It is a fantastic book. I highly recommend it.

Can you imagine a Christian book being the equivalent of “Harry Potter” in the Russian publishing world? This is truly AMAZING.

If you want to learn more about the persecutions of Christians during the Communist era, and about Orthodox spirituality, this is the book for you. It is available in an English translation from Amazon, etc. All proceeds go to build a church in memory of the millions of Christian martyrs killed during Soviet rule.

Daniel Molyneux

Daniel Molyneux’s website:

The Angel of Antioch on Amazon:

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Everyday Saints


Photos of Saint Isaac’s Cathedral, in Saint Petersburg, taken from our hotel room window.

The story of Kazan Cathedral, on Nevsky Prospect, across from Doma Knegy (House of Books bookstore), is really amazing. Kazan was closed by the communists after the Russian Revolution. In the 1930s the communists turned Kazan into the Museum of Atheism. But Kazan was returned to the Russian Orthodox Church in the 1990s. It is now the Primary Cathedral for Saint Petersburg, and the seat of the bishop for the Eparchy (diocese) of St. Petersburg.

Almost all churches in the Soviet Union were closed under Stalin in the 1930s, and again under Khruchev in the 1950s. (And virtually all priests and pastors were arrested, tortured, sent to the Gulags and/or killed. It is difficult to estimate how many millions of Christians were killed under the communists.) Even in the late 1980s only 20 churches were allowed to legally function in Saint Petersburg, a city of 5 million people.

Today, the number of functioning churches in Russia has multiplied by 10 fold since the fall of communism; and the number of monasteries has grown from only 1 to many 100s, with more churches and monasteries opening every day.

The most recent estimates are that 75% of all Russians now profess faith. In spite of its many problems and issues, Russia today is one of the most religious countries in the world.

Daniel Molyneux

Daniel Molyneux’s website:

The Angel of Antioch on Amazon:

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Saint Isaac’s Cathedral Saint Petersburg Russia
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Saint Isaac’s Cathedral at night, Saint Petersburg Russia
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Kazan Cathedral, Saint Petersburg Russia

THE LOVE OF GOD by Dietrich Bonhoeffer

“The wars of Israel were the only ‘holy wars’ in history… there can be no more wars of faith. The only way to overcome our enemy is by loving him.”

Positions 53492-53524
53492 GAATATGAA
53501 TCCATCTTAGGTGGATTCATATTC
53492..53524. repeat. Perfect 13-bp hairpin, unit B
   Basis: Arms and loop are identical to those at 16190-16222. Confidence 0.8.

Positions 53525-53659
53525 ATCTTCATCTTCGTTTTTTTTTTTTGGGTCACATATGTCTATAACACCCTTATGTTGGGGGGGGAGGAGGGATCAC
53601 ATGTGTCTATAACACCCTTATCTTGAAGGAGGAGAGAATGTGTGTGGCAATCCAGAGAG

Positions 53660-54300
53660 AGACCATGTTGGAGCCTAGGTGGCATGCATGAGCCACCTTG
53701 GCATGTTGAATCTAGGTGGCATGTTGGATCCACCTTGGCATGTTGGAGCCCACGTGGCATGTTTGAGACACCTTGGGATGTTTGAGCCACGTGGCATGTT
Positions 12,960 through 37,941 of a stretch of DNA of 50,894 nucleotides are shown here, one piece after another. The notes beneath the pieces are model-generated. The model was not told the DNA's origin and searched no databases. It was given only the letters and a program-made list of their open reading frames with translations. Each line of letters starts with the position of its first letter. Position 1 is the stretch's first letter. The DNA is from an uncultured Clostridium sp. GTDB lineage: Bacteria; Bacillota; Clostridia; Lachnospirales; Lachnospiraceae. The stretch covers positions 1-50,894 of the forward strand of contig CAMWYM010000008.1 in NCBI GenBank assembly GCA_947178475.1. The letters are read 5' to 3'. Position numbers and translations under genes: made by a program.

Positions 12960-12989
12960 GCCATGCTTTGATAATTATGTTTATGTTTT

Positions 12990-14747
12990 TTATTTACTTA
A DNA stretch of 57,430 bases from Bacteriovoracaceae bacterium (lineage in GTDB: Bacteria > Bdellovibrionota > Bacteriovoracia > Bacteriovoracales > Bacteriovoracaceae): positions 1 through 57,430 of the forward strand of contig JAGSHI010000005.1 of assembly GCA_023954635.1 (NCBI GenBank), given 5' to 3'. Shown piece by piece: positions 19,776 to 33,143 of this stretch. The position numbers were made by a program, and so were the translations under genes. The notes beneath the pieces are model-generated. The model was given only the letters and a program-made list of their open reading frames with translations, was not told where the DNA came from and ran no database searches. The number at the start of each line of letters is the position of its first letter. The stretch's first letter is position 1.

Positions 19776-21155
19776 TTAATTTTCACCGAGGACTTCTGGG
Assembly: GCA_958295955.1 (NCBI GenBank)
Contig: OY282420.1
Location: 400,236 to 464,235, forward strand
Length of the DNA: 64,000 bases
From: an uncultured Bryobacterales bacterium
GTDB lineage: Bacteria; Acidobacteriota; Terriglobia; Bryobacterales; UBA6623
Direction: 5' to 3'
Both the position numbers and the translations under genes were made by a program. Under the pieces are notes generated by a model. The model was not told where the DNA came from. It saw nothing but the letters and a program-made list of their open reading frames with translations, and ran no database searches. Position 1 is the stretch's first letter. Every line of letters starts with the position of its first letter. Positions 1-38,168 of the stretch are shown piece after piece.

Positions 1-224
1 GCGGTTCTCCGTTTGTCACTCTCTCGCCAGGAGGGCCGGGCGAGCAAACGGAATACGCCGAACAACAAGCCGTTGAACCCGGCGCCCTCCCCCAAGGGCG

“By judging others we blind ourselves to our own evil and to the grace which others are just as entitled to as we are.”

“When Christ calls a man, he bids him come and die.”

“Christian love draws no distinction between one enemy and another, except that the more bitter our enemy’s hatred, the greater his need of love. Be his enmity political or religious, he has nothing to expect from a follower of Jesus but unqualified love. In such love there is not inner discord between the private person and official capacity. In both, we are Disciples of Christ, or we are not Christians at all.”

“The messengers of Jesus will be hated to the end of time. They will be blamed for all the division which rend cities and homes. Jesus and his disciples will be condemned on all sides for undermining family life, and for leading the nation astray; they will be called crazy fanatics and disturbers of the peace.”

– Dietrich Bonhoeffer, (from “The Cost of Discipleship)

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Dietrich Bonhoeffer


In light of the nine Christians killed during Bible Study at Emmanuel AME Church in Charleston, SC, it brings to mind Rev. Martin Luther King’s last speech, given the night before his assassination, at Mason Temple (Church of God in Christ Headquarters).

“Like anybody, I would like to live a long life. Longevity has its place. But I’m not concerned about that now. I just want to do God’s will. And He’s allowed me to go up to the mountain. And I’ve looked over. And I’ve seen the Promised Land. I may not get there with you. But I want you to know tonight, that we, as a people, will get to the promised land!


And so I’m happy, tonight.

I’m not worried about anything.

I’m not fearing any man!

Mine eyes have seen the glory of the coming of the Lord!”

Martin Luther King, Daniel Molyneux, Charleston shooting
Rev. Martin Luther King at Mason Temple, the night before his assassination.